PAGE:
In competition at this year’s Cannes Film Festival, South Korean director Hong Sang-soo returns with In Another Country (2012), a carefully crafted, slight whimsical comedy that isn’t particularly funny and has nothing new to say. A young girl is stuck with her mother at a seaside town as they have stood guarantor for an uncle who has gone missing. On learning of their predicament, the young girl decides to write three scripts, each one featuring the visit of a French woman (Isabelle Huppert) to the small boring little town.
In the first, Huppert plays Anne, a famous film director visiting married friends who are expecting a child. The wife is jealous and suspicious and perhaps with reason, as there are hints that something has gone on between Anne and her husband. Anne also meets a young lifeguard and they engage in some ‘funny’ banter, before he invites her into his tent to sing her a song.
In the second episode, Huppert is visiting the town in order to meet a famous Korean film director with whom she is having an affair. He is late and as she kills time waiting for him she meets the lifeguard. Cue ‘amusing’ discussion about visiting a lighthouse, “Oh you mean a lighthouse, no I don’t know where it is.” The director, when he does turns up, is understandably jealous. Finally, third episode sees Huppert play a single woman whose husband runs off with a Korean man.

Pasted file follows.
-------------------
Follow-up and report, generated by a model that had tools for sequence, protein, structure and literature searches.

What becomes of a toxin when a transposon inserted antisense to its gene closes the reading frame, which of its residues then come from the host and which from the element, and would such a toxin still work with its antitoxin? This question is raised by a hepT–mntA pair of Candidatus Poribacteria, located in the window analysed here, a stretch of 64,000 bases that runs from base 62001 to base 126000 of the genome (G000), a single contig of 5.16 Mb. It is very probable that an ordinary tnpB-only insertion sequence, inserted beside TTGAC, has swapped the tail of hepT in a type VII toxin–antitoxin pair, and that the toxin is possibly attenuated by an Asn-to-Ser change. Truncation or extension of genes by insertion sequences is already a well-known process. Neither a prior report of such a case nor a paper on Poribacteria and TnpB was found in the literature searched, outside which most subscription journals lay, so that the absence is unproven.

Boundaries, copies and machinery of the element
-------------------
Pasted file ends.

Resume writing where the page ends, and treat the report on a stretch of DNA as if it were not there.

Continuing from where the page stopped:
The universal themes that run through Sang-soo’s In Another Country’s episodes are clear: jealousy, desire, types of Korean men, relationships between Korean men and French women and the difficulty of communicating in a language which is not the first language of either interlocutor (the film is mostly in English with some Korean). However, none of the characters are interestingly drawn, the acting is truly poor – even from the usually impeccable Huppert – with a lot of embarrassing moments that play like poorly-prepared improvisation.
The whole concept of scripted artifice is a poor excuse to something so badly made as Sang-soo’s In Another Country. It’s almost impossible to believe in the characters, the setting or the world; in fact, the only thing you are truly convinced of through the entire film is that the screenplay probably was written by a bored young girl – and she clearly didn’t do more than one rough draft.
The 56th BFI London Film Festival runs from 10-21 October. For more of our LFF coverage, simply follow this link.